In a couple of months, I’ll be insufferably asking (and asking, and asking) you to buy a book I wrote. It’s about the 50 most interesting college football teams of all time. It was a really fun (and arduous) piece to write. It encompasses 108 seasons (1906-2013) and 42 programs. I finished writing it last weekend and finished editing it yesterday afternoon. (Which is why you’re not reading this piece until now.)
Basically, this was the type of history book that I wanted to write. Yes, Alabama, Notre Dame, Oklahoma, Nebraska, USC, Ohio State, Michigan, etc., all play obvious roles. Of course they do. But so do Utah, TCU, Minnesota, Northwestern, Miami (Ohio), Boise State, and even Tampa. And so does Missouri.
Here’s basically every role Missouri plays in my book:
- Don Faurot invents the Split-T and shares the recipe with future Oklahoma head coach Bud Wilkinson and future Maryland head coach Jim Tatum with 1943 Iowa Pre-Flight. They then take it to their future employers and dominate with it.
- Faurot is among a large group of famous coaches who retire in the 1950s, leaving a bit of a leadership void in the sport. Of all of football’s bluest bluebloods, Oklahoma is just about the only one to be consistently good in the 1950s. And 1955 Oklahoma crushes the Tigers.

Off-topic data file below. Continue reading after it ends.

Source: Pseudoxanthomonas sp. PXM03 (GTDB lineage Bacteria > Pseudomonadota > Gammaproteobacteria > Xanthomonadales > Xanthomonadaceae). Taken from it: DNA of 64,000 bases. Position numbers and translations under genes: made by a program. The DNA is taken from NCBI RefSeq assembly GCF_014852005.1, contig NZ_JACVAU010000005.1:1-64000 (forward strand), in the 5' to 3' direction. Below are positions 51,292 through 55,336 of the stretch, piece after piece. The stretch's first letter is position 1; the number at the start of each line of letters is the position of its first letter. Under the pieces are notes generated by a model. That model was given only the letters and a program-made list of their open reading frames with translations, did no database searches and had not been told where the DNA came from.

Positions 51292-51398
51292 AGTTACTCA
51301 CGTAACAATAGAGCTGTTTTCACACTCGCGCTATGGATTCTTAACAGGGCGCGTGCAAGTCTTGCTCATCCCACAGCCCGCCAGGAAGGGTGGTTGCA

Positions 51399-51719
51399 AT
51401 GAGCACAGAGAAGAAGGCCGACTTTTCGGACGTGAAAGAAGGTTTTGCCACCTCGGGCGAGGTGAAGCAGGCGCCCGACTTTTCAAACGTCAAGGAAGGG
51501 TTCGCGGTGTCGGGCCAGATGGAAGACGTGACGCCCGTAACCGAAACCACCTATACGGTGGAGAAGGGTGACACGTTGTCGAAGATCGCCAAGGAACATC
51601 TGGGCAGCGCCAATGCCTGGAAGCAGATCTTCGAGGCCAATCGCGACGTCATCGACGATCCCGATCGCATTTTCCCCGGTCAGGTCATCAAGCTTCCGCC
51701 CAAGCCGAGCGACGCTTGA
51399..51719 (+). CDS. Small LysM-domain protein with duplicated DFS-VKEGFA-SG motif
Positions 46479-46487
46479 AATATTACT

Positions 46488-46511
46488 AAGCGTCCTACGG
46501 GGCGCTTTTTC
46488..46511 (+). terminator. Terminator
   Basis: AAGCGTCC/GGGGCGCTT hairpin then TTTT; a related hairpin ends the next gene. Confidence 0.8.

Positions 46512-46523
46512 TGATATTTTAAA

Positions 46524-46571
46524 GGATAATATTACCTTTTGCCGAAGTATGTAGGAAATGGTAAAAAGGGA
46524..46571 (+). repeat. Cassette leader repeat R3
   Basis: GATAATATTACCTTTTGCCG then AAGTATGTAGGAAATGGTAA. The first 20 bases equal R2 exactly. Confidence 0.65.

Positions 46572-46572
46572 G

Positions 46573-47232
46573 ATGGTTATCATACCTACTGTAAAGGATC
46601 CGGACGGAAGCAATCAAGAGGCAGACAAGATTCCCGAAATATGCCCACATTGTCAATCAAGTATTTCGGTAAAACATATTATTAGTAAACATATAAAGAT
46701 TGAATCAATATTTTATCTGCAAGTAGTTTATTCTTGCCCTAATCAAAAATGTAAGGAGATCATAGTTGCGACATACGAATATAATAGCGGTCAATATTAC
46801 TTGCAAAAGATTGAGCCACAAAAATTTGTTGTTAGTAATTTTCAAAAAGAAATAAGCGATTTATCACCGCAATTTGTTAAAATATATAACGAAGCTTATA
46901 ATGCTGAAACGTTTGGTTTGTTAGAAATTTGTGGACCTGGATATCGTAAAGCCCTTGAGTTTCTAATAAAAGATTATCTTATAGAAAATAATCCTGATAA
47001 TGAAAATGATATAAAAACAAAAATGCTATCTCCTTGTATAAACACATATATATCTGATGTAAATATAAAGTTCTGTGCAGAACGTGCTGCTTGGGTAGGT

- While 1959 Ole Miss is still forbidden to play integrated teams, SEC champion Georgia agrees to play Missouri in the Orange Bowl (which has, itself, only recently agreed to accept integrated teams).
- In a crazy season, 1960 Iowa loses its top spot in the ranking by losing to Minnesota, the eighth straight ranked opponent it has faced. Mizzou moves into the No. 1 spot instead and “loses” to a Kansas team playing an ineligible player. (Uh, maybe you’ve heard the story before.)
- Among the players helping to turn 1962 Nebraska around: defensive back Warren Powers, who will take over as Missouri’s head coach 16 years later. The Huskers’ famous sellout streak begins in the fall of ‘62 ... with a 16-7 loss to Dan Devine’s Tigers.
- In the middle of a crazy season of dramatic games, 1965 UCLA comes to Columbia, takes a 14-0 lead on Mizzou (the Tigers are eventually Sugar Bowl bound), then gives up two return touchdowns in the fourth quarter and leaves with a 14-14 tie.
- Though 1970 Alabama famously got whooped by an integrated USC team to begin the season, supposedly convincing everybody in Alabama that it segregated rosters were holding them back, Tennessee’s integrated team had done the same the year before, and Missouri’s integrated 1968 team had crushed the Tide in 1968’s Sugar Bowl as well.
- 1972 Tampa’s best player was defensive end John Matuszak, a future No. 1 pick and movie star who began his career at Fort Dodge junior college, then signed with Missouri ... and then got kicked off of the Tiger squad for getting into a fight at a post-game party. The 1972 Spartans also played Kent State in the program’s first bowl game that December. Kent State’s starting tight end: Gary Pinkel.